About the promotion of public transport in Germany - the €49-monthly pass - Kalshoven is positive, but he says it does not form a happy combination with the excise tax reduction the Germans implemented for various fuels.
“You have offered people an alternative by making public transport cheaper, but then you should not also make car use cheaper. Germans also have a mileage allowance of 38 cents. That’s really hefty. What I like about the German public transport policy in itself is that it helps prevent poverty and at the same time is good for the energy transition. Namely, you ensure that existing infrastructure is better utilized. That way, road miles can decrease, and the miles you travel by public transport are what you were doing anyway. It may provoke extra travel, but on balance you save energy and, of course, carbon emissions, with that kind of public transport policy.”
Targeted pain relief
If possible, you want targeted pain relief. A dentist doesn’t put patients under anesthesia for drilling; at most, he gives a local freezing. For that reason, Kalshoven is positive about the subsidies and benefits introduced in Germany to ease the pain of inflation.
“Because German subsidies are aimed at low-income earners, they get to people who need it. That targeting is desirable, unlike the drastic remedies the German government has chosen elsewhere, such as excise tax cuts and maximum tariffs.”
Because those drastic remedies cost the treasury a lot of money, they create a less desirable situation from a macroeconomic perspective. For with an aid package of 200 billion euros, Germany risks working against the monetary policy of the European Central Bank (ECB).
In opposition to each other
Kalshoven: “Germany’s gross domestic product is roughly 4,000 billion euros. An aid package of 200 billion euros amounts to 5 percent of GDP and that really is a lot of money. At a time like that, two policies - fiscal policy and monetary policy - start to work very much in opposition to each other. After all, the ECB wants to slow down the economy to curb inflation. But if governments offset all price increases, they are actually boosting the economy a bit. However, those higher prices are a national loss, even in Germany. It is an illusion to think that you can compensate those higher prices completely and for everyone.”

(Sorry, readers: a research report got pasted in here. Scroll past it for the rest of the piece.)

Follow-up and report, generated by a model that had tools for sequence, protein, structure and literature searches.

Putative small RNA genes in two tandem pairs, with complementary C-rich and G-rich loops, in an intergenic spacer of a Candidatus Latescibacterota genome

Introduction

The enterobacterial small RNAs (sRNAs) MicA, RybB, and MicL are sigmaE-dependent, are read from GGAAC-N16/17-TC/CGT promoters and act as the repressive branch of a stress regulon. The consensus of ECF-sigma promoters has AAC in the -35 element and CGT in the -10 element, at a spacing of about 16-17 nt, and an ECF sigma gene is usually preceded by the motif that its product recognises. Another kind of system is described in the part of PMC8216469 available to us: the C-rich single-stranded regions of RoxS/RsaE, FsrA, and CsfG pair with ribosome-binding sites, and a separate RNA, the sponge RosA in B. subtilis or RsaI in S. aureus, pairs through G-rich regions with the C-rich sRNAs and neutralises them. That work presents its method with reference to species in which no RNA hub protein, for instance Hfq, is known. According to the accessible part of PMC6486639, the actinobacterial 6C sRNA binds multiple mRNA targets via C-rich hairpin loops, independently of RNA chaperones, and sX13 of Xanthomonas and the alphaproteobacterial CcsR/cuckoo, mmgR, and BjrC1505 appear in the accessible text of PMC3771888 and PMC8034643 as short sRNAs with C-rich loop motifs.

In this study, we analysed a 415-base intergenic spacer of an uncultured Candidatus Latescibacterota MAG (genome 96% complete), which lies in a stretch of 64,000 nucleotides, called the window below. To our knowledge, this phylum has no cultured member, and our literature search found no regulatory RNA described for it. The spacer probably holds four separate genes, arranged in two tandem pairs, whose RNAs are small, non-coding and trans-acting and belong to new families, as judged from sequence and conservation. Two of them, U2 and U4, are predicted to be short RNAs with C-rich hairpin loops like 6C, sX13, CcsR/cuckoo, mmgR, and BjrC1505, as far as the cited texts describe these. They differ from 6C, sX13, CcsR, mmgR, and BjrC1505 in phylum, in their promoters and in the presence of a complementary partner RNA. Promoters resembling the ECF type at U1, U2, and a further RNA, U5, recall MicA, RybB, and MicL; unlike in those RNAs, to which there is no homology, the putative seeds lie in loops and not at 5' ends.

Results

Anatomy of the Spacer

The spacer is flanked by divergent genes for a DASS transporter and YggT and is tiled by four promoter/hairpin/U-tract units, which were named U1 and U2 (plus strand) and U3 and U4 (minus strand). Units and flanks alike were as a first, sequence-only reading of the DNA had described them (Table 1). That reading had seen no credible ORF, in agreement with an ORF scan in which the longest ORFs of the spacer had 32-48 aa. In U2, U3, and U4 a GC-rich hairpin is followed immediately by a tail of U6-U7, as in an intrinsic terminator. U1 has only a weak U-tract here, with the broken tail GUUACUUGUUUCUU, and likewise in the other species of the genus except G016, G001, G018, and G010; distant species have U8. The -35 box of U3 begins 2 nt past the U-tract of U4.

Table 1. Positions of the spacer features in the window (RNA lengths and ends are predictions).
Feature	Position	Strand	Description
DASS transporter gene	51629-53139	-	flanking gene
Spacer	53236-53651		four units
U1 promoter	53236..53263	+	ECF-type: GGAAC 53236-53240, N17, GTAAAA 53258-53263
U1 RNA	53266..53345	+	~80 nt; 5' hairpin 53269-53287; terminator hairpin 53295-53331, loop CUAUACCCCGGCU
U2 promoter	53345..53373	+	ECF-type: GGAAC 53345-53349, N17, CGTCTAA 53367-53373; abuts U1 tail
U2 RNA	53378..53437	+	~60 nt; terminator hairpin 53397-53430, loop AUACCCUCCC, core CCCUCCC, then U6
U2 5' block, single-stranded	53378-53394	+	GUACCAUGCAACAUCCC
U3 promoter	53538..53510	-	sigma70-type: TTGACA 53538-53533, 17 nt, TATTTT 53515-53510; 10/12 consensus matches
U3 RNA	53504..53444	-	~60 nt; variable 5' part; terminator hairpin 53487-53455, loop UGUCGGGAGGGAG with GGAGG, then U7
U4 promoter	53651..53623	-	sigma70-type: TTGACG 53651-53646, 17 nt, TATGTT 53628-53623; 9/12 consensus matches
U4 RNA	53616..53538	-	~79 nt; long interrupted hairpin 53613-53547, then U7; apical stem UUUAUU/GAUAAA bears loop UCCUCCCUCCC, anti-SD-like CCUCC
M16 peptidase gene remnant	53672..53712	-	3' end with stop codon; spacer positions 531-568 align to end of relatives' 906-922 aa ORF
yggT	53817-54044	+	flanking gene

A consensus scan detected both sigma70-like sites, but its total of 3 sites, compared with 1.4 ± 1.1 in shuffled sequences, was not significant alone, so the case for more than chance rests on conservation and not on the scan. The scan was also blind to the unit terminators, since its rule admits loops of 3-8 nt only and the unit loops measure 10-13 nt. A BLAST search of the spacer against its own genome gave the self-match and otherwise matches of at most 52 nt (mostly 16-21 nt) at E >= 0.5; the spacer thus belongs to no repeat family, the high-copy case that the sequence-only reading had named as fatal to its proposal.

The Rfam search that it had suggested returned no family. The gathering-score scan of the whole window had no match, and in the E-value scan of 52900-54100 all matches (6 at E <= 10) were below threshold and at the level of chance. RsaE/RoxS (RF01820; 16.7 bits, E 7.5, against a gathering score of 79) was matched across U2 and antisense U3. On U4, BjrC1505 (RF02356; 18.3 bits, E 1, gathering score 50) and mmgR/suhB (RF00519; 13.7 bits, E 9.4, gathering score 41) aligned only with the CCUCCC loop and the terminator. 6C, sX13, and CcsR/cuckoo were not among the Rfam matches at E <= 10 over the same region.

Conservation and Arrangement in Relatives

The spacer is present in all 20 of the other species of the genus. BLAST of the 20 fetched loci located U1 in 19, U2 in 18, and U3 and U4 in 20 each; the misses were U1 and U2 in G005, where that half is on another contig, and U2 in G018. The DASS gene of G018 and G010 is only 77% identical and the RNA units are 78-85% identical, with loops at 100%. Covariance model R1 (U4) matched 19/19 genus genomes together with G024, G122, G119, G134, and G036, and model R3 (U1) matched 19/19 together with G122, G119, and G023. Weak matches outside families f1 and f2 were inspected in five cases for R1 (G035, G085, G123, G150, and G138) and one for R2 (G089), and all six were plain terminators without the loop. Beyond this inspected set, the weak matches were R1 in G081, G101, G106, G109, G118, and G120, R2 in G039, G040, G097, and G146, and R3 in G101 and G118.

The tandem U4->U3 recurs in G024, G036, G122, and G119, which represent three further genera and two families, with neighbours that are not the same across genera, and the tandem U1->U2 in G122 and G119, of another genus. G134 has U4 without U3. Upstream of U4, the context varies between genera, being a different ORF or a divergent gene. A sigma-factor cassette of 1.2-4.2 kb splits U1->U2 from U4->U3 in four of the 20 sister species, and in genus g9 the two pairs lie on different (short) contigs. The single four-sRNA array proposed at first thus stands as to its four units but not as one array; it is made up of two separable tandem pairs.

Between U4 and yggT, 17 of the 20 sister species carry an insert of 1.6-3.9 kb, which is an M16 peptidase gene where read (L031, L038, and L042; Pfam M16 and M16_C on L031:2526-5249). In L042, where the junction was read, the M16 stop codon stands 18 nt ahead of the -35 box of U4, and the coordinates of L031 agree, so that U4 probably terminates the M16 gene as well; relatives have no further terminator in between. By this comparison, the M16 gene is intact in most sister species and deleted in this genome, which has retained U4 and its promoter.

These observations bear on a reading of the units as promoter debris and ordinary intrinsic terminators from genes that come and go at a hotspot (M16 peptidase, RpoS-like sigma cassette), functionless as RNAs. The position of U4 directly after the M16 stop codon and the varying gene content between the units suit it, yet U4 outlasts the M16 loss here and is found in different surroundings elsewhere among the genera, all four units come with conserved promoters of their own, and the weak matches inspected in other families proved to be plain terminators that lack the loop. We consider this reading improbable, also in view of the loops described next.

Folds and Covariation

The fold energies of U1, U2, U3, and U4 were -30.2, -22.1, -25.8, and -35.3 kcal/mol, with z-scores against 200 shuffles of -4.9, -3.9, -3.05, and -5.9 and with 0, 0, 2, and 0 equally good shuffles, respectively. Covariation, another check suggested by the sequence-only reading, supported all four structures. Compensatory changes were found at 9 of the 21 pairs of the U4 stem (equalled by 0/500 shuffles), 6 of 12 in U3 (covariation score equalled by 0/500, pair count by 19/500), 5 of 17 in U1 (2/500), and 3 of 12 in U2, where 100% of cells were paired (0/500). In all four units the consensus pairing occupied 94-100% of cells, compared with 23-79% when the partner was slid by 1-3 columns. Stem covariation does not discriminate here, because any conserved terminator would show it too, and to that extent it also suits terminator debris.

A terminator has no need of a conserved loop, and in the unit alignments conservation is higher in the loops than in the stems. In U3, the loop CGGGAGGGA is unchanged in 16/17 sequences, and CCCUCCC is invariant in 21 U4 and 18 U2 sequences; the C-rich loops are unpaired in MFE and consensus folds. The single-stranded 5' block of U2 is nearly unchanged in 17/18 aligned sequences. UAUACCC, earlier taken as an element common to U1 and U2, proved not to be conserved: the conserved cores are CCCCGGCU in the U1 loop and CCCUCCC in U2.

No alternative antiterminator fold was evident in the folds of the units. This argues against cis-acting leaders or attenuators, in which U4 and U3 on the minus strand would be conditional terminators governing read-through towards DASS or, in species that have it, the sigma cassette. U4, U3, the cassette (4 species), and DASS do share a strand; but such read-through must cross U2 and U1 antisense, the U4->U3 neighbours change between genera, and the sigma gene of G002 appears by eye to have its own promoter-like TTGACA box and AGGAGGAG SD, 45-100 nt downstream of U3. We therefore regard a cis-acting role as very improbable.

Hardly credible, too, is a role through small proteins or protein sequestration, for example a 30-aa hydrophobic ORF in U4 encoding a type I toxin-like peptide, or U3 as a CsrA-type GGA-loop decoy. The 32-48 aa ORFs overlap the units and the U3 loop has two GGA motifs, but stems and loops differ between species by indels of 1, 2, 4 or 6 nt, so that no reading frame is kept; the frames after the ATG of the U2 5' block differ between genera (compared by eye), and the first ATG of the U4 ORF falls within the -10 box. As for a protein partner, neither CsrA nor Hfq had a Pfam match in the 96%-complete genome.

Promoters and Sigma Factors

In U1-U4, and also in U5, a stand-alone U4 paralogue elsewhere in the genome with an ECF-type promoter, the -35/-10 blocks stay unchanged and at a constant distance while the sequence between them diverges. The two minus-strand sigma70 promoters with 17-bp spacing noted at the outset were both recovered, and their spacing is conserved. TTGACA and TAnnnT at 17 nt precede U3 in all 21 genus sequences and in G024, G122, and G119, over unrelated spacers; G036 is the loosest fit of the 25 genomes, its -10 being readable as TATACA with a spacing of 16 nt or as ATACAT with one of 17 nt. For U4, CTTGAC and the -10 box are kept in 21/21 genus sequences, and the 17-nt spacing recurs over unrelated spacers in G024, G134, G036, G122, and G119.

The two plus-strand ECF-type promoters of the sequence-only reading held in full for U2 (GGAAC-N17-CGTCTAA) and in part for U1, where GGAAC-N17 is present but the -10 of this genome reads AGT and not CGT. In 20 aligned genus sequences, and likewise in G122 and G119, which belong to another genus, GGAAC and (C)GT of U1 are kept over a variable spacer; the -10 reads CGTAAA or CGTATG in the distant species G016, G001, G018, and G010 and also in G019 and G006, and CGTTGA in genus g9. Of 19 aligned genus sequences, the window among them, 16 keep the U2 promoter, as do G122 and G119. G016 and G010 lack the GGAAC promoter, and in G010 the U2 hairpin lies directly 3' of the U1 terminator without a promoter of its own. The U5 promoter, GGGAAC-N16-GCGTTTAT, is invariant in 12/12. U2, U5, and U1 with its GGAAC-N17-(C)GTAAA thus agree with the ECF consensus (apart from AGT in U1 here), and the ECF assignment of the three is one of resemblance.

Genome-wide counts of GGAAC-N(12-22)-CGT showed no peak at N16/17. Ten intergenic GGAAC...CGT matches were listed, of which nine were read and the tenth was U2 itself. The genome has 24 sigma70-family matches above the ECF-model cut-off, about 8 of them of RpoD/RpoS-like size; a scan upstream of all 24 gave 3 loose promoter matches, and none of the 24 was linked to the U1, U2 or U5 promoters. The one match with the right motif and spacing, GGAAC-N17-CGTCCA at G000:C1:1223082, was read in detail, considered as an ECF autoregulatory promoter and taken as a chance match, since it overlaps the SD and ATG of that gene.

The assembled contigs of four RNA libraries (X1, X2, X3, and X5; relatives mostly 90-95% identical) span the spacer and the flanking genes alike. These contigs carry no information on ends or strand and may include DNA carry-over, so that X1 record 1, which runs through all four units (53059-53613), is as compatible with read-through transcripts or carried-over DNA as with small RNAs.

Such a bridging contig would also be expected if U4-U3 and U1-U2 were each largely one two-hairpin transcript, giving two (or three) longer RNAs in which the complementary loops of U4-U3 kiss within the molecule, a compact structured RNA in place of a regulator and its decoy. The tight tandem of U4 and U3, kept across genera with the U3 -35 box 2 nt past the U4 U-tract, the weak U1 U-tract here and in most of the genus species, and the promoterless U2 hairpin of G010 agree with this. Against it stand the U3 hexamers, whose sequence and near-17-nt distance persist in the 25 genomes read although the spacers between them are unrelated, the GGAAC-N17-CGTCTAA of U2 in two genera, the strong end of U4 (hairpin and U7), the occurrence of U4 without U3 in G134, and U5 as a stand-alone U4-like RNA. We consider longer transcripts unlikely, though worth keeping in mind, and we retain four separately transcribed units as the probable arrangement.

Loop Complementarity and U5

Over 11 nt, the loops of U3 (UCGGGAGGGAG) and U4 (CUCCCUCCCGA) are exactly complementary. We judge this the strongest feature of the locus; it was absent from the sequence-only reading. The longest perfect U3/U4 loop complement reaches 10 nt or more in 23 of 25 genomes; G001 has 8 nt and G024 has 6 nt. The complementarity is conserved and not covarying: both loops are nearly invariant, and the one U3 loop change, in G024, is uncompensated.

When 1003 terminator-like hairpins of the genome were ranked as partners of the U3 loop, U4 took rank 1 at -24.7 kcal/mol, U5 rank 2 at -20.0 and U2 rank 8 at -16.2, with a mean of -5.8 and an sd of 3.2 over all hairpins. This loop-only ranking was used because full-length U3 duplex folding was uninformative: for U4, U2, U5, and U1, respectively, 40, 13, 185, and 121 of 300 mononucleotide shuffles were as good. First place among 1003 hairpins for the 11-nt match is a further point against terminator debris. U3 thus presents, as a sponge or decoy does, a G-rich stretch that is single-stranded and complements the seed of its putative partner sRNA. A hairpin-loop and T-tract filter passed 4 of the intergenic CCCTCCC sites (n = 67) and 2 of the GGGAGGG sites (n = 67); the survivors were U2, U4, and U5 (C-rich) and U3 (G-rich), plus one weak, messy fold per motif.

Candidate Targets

When you compare the support measures in the Netherlands and Germany, both countries are providing substantial support packages, Kalshoven said.
“In both countries, public finances are in good shape, which makes this kind of package possible. Germany is even more robust than the Netherlands. In our case, the package is about 25 billion euros, which could go up to 40 billion euros, or 4 percent of national income. In Germany, it could even reach 200 billion, or 5 percent of the economy.”
And although Germany, like the Netherlands, is struggling to take targeted measures, Kalshoven notes that the Germans are more successful at supporting lower incomes in a targeted way with one-time payments and specific subsidies. However, this does not apply to the maximum natural gas price in Germany.
“That is in fact not targeted, because it applies to everyone - citizens and companies. In the Netherlands, however, the allowance for energy of 190 euros in November and December is untargeted and price caps are limited. In practice, it proves very difficult to meet the ideal of measures that are both timely, effective and efficient.”
But ultimately that struggle is “a relatively nice problem to have,” Kalshoven says. “A total lack of room for compensation measures would force households to make very painful short-term adjustments.”